valetudinarian


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Related to valetudinarian: viticetum

val·e·tu·di·nar·i·an

(val'ĕ-tū'di-nār'ē-ăn),
1. An invalid or person in chronically poor health.
2. One whose chief concern is his or her invalidism or poor health.
[L. valetudinarius, sickly]
Farlex Partner Medical Dictionary © Farlex 2012

valetudinarian

(văl′ĭ-to͞od′n-âr′ē-ən, -tyo͞od′-)
n.
A sickly or weak person, especially one who is constantly and morbidly concerned with his or her health.
adj.
1. Chronically ailing; sickly.
2. Constantly and morbidly concerned with one's health.

val′e·tu′di·nar′i·an·ism n.
The American Heritage® Medical Dictionary Copyright © 2007, 2004 by Houghton Mifflin Company. Published by Houghton Mifflin Company. All rights reserved.

valetudinarian

An obsolete term for:
(1) A sickly person; invalid;
(2) A person unduly concerned about his or her health; hypochondriac.

Valetudinarian is not used in the working medical parlance.
Segen's Medical Dictionary. © 2012 Farlex, Inc. All rights reserved.

valetudinarian

1. A person constantly suffering from one illness or another, especially one deeply preoccupied with ill health.
Collins Dictionary of Medicine © Robert M. Youngson 2004, 2005
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References in periodicals archive ?
"Collected by a Valetudinarian" gives such bonds a central salvific function.
With their anachronistic and bookish air, Lamb's essays have traditionally been viewed as quaint, somewhat quirky exercises in valetudinarian impressionism, retrospective and inward-turning, celebrating the past, especially the past of childhood.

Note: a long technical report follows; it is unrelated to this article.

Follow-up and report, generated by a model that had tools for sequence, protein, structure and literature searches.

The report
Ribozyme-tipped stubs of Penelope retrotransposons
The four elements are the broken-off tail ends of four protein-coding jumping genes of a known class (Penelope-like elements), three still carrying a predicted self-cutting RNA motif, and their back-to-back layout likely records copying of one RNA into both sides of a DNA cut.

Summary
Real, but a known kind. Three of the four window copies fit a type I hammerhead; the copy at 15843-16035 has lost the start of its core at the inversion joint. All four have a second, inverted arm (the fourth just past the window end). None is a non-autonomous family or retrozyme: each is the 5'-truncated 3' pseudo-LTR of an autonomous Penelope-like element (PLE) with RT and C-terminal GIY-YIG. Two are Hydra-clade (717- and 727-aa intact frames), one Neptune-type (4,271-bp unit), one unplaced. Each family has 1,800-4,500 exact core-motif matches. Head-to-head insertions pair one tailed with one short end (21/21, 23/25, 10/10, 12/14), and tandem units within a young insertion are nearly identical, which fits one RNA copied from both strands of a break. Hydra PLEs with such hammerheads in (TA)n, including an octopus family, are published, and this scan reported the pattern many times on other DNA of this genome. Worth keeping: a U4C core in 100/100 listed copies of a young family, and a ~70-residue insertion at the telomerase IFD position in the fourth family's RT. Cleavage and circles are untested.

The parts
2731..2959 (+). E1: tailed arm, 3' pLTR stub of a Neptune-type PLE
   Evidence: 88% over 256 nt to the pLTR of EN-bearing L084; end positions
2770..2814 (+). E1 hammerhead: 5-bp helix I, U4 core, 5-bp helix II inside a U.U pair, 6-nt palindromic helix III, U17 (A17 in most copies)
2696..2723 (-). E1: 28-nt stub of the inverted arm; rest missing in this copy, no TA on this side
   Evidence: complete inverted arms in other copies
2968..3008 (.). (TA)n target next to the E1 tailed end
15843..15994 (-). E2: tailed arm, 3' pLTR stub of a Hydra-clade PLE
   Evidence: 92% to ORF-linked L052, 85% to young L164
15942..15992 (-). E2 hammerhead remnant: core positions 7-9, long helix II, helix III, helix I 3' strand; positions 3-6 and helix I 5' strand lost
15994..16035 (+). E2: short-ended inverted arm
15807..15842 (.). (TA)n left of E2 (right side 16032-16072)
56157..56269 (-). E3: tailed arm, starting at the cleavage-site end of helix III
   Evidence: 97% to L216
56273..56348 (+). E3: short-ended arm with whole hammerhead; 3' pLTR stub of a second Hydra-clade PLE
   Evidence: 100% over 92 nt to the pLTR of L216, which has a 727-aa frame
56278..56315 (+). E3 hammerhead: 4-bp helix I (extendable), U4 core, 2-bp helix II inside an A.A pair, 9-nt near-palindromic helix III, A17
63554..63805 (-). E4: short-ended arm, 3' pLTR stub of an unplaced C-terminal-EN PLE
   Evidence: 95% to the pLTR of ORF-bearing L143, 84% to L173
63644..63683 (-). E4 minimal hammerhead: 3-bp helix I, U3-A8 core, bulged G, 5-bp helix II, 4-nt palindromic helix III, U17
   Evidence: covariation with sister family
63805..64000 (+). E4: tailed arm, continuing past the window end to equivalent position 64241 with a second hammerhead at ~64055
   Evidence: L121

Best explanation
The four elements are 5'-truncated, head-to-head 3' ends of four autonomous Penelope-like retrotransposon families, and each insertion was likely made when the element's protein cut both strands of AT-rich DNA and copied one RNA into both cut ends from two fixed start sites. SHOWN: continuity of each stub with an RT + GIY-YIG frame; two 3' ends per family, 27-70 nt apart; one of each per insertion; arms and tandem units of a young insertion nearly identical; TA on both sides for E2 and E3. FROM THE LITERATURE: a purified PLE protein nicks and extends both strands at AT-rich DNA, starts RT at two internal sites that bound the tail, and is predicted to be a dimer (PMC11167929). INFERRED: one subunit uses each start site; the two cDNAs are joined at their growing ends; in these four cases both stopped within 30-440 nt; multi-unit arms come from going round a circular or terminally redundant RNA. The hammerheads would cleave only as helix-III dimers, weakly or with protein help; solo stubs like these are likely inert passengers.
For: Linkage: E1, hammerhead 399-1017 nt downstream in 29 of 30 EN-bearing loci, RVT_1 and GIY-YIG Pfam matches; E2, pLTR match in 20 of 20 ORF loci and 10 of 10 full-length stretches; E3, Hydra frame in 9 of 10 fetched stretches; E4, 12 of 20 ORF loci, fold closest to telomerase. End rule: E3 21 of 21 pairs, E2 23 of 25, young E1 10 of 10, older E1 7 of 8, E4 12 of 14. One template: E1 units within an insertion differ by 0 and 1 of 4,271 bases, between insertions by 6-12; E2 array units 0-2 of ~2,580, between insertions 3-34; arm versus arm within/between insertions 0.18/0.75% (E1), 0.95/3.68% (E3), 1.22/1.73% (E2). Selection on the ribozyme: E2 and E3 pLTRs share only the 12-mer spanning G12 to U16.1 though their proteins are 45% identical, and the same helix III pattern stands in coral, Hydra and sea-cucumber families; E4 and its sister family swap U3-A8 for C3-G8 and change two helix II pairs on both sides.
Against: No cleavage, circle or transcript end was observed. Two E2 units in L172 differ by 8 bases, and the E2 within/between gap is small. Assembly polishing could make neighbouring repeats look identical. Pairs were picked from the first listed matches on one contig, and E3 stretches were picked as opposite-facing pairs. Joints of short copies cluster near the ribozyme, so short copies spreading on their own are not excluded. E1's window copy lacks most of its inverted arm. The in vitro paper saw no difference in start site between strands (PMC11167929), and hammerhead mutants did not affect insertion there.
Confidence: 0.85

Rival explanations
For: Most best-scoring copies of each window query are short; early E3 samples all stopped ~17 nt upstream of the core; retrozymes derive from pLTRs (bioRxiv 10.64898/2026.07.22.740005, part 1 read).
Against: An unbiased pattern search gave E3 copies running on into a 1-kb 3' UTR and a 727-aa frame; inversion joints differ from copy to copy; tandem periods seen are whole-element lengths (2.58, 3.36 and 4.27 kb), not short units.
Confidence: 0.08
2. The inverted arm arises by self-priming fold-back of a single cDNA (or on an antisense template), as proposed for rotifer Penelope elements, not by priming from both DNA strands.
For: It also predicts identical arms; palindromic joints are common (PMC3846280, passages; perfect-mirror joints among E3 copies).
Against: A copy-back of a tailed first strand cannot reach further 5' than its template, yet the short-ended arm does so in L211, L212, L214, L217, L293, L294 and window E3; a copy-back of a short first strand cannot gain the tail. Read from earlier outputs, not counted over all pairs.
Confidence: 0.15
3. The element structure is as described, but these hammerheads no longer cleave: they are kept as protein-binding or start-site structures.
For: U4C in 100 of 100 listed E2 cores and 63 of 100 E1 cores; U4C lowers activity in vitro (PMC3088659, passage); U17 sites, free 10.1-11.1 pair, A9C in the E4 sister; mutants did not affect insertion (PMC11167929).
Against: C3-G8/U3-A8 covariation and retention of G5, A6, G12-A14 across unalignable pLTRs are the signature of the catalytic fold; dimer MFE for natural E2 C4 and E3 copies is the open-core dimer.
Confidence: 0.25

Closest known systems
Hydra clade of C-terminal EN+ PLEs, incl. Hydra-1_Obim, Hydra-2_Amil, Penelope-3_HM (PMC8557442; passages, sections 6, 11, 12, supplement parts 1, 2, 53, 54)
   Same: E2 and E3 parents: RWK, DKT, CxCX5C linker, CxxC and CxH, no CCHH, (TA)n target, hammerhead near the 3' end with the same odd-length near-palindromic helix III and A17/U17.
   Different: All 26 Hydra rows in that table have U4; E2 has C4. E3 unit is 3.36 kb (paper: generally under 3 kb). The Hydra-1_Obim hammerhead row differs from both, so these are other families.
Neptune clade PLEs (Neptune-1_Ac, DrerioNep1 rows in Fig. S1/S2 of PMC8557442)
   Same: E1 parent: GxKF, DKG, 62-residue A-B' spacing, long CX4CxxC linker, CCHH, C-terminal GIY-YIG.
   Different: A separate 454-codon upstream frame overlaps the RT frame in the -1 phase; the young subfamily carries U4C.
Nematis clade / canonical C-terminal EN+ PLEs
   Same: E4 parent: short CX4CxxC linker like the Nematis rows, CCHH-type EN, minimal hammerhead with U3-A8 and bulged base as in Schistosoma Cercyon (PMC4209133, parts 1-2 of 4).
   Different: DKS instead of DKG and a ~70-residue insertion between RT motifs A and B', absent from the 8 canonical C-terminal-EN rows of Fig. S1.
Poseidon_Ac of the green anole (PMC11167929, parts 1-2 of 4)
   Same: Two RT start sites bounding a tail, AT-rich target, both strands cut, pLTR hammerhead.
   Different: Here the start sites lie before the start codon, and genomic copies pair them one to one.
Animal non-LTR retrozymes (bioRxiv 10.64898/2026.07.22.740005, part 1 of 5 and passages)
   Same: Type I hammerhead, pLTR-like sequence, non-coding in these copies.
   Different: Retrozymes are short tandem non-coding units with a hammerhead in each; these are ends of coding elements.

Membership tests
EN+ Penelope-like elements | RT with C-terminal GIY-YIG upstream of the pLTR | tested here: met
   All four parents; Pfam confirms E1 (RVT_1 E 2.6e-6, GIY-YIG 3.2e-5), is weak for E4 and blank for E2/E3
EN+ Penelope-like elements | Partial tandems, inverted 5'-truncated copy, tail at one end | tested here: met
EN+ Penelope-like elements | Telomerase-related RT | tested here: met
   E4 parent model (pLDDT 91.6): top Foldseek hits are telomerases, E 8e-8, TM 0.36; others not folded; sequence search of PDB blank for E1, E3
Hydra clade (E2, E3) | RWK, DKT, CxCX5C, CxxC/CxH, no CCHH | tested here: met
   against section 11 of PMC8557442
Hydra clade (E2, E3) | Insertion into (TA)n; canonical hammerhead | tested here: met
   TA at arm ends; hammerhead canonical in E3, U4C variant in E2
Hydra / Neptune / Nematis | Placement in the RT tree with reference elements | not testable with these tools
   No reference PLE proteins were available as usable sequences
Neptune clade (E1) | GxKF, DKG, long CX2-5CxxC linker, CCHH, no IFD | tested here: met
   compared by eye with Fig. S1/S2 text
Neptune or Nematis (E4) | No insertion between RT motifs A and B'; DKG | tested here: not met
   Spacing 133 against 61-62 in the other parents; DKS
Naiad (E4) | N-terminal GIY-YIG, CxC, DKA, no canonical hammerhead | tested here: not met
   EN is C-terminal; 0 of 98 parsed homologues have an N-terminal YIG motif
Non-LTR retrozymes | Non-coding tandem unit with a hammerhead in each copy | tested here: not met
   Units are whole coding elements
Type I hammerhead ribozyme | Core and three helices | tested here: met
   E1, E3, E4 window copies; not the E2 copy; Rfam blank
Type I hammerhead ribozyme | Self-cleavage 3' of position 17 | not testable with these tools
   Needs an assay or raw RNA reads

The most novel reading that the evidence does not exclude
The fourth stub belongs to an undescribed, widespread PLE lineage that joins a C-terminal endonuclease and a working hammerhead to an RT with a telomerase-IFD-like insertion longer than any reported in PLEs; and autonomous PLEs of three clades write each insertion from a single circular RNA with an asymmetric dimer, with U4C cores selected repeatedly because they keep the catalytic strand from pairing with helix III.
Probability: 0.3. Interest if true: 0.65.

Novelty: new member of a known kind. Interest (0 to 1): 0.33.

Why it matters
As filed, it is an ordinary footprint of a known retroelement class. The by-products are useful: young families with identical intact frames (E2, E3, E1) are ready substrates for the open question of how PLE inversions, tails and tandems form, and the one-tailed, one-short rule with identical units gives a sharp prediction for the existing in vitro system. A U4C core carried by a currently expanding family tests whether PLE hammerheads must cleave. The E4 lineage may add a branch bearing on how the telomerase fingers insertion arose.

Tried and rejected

The transformation from a vital, active, daring, and energetic young man into a valetudinarian at the age of thirty is paralleled in the development of his thought.
It is for the backward, and by one of their number, that these sketches were written." Woodress notes Cather's increasingly valetudinarian attitude from 1922 on, her disillusionment with the postwar Jazz Age, the callousness of prosperity--stingy, grasping, extravagant--and the lazy descendants of earlier generations (335-36).
She is further restricted by her valetudinarian father's gentle selfishness, which resists any kind of change and permits a social life limited to his own small circle, exclusive to the degree of admitting only four people as his closest acquaintances and only three to the second group.
Woodhouse and Isabella and their valetudinarian concerns about health and treatments.
And at the pace I can manage these days, could there be a better companion than a valetudinarian Border terrier or an ailing toddler?
The main letter writers-and the only ones to describe Harrogate--in Humphry Clinker are Matthew Bramble, a tetchy but generous-hearted valetudinarian who addresses his letters to his doctor, and his young nephew, Jery Melford, whose correspondent is a fellow student at Oxford.
At a deeper level, finally--drawing on diaries, private correspondence, and contemporary reminiscences and arranging her exposition in diachronic sections ("Scenes from Family Life," "The Victorian," "Pre-Raphaelite," "Artist," "Man of Letters," "Marriage," "Radicals," "The Patient," and "Coda")--Thirlwell has provided readers with an almost Chekhovian account of the passionate bonds which united "William and Lucy," as well as the mingled idealism and insecurity of Lucy Rossetti's temperament in her last valetudinarian decade.
Paul Crumbley's contribution, the final essay in this section, compares Stoddard's story "Collected by a Valetudinarian" to Constance Fenimore Woolson's "Miss Grief."
A contemporary guidebook describes the town as 'the resort of the weary invalid, the fastidious valetudinarian, the wealthy merchant and the thoughtful student'.
A group of people travels through England and Scotland at a pace largely determined by the valetudinarian Matthew Bramble rather than, as was the case in Roderick Random, by the multitude of actions crowding in on the hero.